You Can Stop the Social Media Hype

hypecycle.001

Don’t trust anyone who says they’ll reveal the “secrets of social media.” There are no secrets of social media. As someone who’s seen the bubble of the early web and new media business burst, I’m feeling a sense of deja vu.

There are people who make a good living off hype and the naivete of others. They see a short window of time when people are still in learning mode or “behind the curve,” and they swoop in with shiny promises bathed in snake oil, take as much money as they can get, then run.

The rest of us are left here in their greedy and destructive wake to pick up the pieces and, worse, to deal with the disillusionment of people who’ve been burned by a con artist claiming to know the “secrets” of social media that will make everyone rich.

We’ve been here before. Some new technological developments (the web, for instance) have had a major impact on how we communicated and did business. Unfortunately, everyone treated these technical advances as the silver bullet, the cure-all magic potion, the most important thing we must all now embrace lest we get left behind and suffer in a life of failure.

The 5 C’s of the Web and Social Media

In 1995, I began teaching workshops about the Internet to businesspeople and spoke of the “5 C’s of the Web”:

  1. Communications. The Internet and the Web were technologies that were transforming the way we communicated.
  2. Connection. Being online connected us to people and to information more quickly and easily than ever before.
  3. Community. The Internet and Web was bringing together like-minded people for mutual support and friendship.
  4. Convenience. Using the Internet could close distances, reduce time, and help us do things more efficiently and effectively.
  5. Creativity. The Web was helping to “level the playing field,” putting tools of creation in the hands of the individual.

Today, with the advent of social media — a vast and growing set of tools with greater interactive (“social”) functionality — we still have the same 5 C’s:

  1. Communications: Check. Although now we’re calling this “Conversations.”
  2. Connection: Check. Our connections to people are augmented through social networking functions. Our connections to information are augmented through feeds and sharing functions. We’re so connected now, our minds are boggled.
  3. Community: Check. Social networking functions enhance the ways we can start and grow communities.
  4. Convenience: Check. Never before have we had so much information and so many tools at our fingertips.
  5. Creativity: Check. From the ease of setting up a blog to building a presence on a social network, anyone with access to the Internet and a computer can create and publish virtually anything online.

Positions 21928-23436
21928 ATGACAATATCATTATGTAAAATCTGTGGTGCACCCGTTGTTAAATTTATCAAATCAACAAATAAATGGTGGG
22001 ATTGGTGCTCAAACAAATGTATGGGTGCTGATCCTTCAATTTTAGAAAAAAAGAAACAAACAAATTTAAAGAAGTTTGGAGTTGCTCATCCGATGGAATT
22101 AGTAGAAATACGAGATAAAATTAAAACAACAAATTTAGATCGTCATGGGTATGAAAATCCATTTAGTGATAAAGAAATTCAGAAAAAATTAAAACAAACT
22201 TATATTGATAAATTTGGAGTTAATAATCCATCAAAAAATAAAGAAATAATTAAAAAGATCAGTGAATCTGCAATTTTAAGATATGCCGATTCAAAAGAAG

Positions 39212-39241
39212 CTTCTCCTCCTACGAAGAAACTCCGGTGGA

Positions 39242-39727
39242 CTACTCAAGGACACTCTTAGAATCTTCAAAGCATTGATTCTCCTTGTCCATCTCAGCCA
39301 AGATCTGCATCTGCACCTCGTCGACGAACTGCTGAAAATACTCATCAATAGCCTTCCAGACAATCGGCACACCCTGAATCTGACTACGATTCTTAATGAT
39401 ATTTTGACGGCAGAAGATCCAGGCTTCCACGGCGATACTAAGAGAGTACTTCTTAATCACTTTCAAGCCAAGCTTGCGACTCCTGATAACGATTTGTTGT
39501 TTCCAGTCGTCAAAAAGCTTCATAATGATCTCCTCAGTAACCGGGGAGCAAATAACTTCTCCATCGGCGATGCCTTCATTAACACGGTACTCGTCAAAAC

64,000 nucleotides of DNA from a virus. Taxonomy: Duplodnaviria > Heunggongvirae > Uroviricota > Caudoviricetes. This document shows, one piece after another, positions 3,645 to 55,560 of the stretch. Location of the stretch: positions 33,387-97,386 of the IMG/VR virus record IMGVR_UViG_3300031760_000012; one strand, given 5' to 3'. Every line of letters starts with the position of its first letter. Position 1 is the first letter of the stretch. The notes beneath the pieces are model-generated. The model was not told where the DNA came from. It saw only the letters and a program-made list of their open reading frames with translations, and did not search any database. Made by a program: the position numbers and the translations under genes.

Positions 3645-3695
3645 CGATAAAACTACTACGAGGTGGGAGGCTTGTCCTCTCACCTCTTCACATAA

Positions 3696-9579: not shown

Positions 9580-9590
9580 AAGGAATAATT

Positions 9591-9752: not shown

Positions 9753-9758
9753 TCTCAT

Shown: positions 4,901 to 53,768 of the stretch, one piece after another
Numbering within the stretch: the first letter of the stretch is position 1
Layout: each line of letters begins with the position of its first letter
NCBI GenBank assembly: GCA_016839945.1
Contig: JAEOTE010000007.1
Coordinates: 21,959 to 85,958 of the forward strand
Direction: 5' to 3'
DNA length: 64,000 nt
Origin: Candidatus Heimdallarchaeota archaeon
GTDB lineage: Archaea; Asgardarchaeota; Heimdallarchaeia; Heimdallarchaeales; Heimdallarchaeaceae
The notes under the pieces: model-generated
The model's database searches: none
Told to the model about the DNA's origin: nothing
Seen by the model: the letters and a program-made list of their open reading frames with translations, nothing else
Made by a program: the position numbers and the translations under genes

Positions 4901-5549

Let me put a few things into perspective for you (and I’m interested in hearing your thoughts on these points):

  • Social media won’t save the world. The social web — along with increased access to broadband and wireless/mobile networks — is bringing more people together. But the tools that make up “social media” are not world-savers. People can save the world; social media tools can help people to make positive change.
  • Social media won’t save the economy. Just as the Web and new media companies got investors excited and Wall Street aflutter, so does anything new and promising. Investors, like entrepreneurs, take risks and that is a good thing. LinkedIn going public isn’t going to change our society or our economy. It will make a few people rich on paper and may start a VC frenzy for a while, then everything will shake out.
  • Social media won’t save your life. Now I can point to many examples of people who will say the Internet saved their life or Twitter saved their life. But the truth is that other people saved their lives and all the Internet — or Twitter, or Facebook, or the blogosphere – did was make it easier to reach out and to be reached.

The social web is made up of people connecting with one another or to information that is important to them. We don’t all need social networks and blogs and Twitter to succeed at anything.

We can augment our efforts with social media tools and tactics, but if our intentions are bad, greedy, evil and destructive, we will continue to hurt others and ourselves despite the promise of new technologies. As long as we continue to buy into the hype of new technologies and look to communications tools and platforms to save us, we’re doomed. We need to conduct business well, provide quality products or services, care about our customers and give back to our communities.

How are you combating the social media hype?

image by stock xchng user prole

diagram by Aliza Sherman

loading

Comments have been disabled for this post